Mold thrives where moisture collects, so it’s important to identify the places in your home where mold is most likely to grow.
A big mistake you can make is to assume that you will never have a cockroach problem. We tend to think of roaches as a problem of filth, but the truth is that anyone can be exposed to them, and it appears that their saliva, droppings, and bodies can trigger year-round allergy and asthma symptoms, especially in children.
The most common symptoms of cockroach allergies are an ongoing stuffy nose and/or cough, frequent ear and sinus infections, itchy eyes and nose, as well as wheezing, shortness of breath, and chest tightness. They can also cause skin rashes.
Cockroaches can get into homes and apartments through cracks or on outdoor plants (including things like Christmas trees) and are attracted to even the tiniest crumbs of food. It’s important not to dismiss them as a possible allergy trigger just because your home is clean. Your doctor can test you for a cockroach allergy.
To avoid having to deal with cockroach allergies, try the following suggestions:
While woodburning stoves and fireplaces might add the ambiance you are looking for, it is important to make sure they are not triggering allergies and asthma symptoms. The combustion of wood can produce hundreds of different chemicals you may be sensitive to – including carbon monoxide, nitrogen dioxide, dioxin, toluene, and other fine particles.
Unfortunately, you do not need to have a fireplace or woodburning stove of your own to suffer the effects. When neighbors burn wood, it can have a serious effect on air pollution both outdoors and inside your home if you leave windows open.
The holidays can be a hard time for those sensitive to indoor air pollution of all kinds. From Christmas trees that contain insects and mold spores to off-gassing holiday décor, being at home during the holidays can easily trigger allergy symptoms.
While you can not control your surroundings when you are out and about for holiday shopping and parties, you can get to know your triggers and follow some relatively simple guidelines for keeping things clean:
You do not need to abide by all of these rules - and some seem less than merry – but you can consider some of the stricter options if your doctor has identified certain triggers.
Seasonal allergy triggers are just as likely at work as they are at home. In fact, depending on the ventilation system and how often floors and surfaces are cleaned, they can be even worse. And while you may not have to worry about pets roaming around the office, if you are severely allergic to pet dander and saliva, co-workers with pets can trigger your allergies if they bring allergens in on their clothing or in their hair.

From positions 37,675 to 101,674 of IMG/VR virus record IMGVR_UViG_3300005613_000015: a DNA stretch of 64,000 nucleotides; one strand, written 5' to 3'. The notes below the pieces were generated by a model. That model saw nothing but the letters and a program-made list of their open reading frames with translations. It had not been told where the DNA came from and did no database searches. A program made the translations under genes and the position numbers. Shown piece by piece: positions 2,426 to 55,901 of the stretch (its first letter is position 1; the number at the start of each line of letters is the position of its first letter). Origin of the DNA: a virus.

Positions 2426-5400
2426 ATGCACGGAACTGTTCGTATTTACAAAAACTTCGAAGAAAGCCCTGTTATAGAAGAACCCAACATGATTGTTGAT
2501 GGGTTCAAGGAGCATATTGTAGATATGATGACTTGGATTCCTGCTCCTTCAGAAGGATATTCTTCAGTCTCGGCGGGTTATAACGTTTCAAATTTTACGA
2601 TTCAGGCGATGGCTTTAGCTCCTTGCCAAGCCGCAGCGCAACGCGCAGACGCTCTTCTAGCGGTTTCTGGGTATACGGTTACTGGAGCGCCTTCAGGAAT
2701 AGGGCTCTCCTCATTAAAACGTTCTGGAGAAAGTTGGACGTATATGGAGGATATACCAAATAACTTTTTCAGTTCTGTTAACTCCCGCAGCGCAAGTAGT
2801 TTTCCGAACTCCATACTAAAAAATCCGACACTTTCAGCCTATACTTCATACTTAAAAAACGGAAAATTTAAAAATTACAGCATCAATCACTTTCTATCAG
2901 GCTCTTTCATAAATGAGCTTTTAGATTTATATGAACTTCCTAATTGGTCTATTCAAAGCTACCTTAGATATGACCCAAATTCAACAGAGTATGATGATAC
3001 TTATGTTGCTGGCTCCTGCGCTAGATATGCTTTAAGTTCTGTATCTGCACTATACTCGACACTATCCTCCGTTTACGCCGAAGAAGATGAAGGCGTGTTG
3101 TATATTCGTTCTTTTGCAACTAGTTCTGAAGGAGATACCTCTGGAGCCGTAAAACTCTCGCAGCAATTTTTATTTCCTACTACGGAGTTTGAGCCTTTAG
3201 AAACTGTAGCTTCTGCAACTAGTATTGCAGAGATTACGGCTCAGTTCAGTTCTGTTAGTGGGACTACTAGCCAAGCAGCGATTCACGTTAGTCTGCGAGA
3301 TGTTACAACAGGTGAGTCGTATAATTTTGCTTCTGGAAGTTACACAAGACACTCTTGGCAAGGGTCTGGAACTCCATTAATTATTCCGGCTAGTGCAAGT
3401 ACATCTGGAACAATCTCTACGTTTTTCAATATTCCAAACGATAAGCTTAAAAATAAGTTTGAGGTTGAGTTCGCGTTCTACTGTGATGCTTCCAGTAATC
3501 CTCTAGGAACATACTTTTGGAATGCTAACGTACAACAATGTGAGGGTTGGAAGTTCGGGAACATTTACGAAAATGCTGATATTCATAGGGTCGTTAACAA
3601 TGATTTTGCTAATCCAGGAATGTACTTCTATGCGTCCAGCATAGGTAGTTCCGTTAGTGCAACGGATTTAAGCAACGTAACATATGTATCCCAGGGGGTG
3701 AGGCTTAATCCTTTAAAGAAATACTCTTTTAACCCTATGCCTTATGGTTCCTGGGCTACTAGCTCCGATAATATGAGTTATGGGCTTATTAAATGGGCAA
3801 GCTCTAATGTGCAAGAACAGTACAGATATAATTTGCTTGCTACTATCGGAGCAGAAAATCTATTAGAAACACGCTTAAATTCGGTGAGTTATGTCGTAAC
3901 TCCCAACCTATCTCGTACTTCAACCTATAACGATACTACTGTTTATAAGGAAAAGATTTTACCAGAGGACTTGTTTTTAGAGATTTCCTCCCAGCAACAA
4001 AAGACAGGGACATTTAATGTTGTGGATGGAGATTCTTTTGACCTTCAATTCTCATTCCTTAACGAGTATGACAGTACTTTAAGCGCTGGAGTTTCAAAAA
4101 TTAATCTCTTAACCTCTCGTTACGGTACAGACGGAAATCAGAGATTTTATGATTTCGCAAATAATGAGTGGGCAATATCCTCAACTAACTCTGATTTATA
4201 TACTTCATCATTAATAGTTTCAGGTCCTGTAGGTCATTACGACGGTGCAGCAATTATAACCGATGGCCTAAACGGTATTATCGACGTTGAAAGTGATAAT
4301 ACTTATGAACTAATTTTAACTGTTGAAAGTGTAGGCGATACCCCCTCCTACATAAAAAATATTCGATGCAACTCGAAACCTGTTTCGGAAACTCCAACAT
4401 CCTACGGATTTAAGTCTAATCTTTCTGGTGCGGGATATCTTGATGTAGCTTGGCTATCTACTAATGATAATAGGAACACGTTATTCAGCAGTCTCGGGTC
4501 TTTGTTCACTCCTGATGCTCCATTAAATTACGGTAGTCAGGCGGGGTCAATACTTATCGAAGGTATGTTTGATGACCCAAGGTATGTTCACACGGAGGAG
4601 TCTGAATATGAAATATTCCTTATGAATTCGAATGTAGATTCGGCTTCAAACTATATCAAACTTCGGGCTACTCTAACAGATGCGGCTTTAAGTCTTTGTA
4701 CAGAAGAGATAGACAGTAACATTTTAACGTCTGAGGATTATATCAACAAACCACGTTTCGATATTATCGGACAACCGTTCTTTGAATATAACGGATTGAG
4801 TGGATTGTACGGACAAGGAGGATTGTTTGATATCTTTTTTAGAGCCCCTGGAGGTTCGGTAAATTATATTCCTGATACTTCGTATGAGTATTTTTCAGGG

There are also innumerable chemical and other potential air pollutants you might be allergic to in your workplace, including industrial cleaning supplies or manufacturing chemicals. In this case, it will be important to work with your doctor to identify the specific trigger and document its effect on you.
From old furniture and ventilation systems to classmates tracking in allergens from outdoors or their pets, children can be exposed to serious allergy triggers at school.
If your child suffers from more severe allergy and asthma symptoms while at school, it could affect both their academic and athletic performance. This can be particularly frustrating if you have made sacrifices to keep your home free of allergy triggers only to have your child suffer at school.
While you can take medication once a specific trigger has been identified, you may need to talk to your child’s school administrators about helping to prevent severe allergies.
Since allergens can be found on everything from clothing, shoes, pets, décor – and even other people – you may want to keep an allergy diary to aid in the diagnosis of your specific triggers. For example, if a child’s allergies are worse during the school year and better over breaks, you can use this information to identify where the allergens are coming from. Of course, in cases where allergy triggers are in your car or on public transportation, you may not have much of a choice other than to medicate your allergy symptoms with the help of a specialist.
https://www.aafa.org/types-of-allergies/ (and many of the links from the page)
https://www.cdc.gov/asthma/public_health.html (and the links from this page)
https://health.clevelandclinic.org/tag/allergies/ (and the links from this page)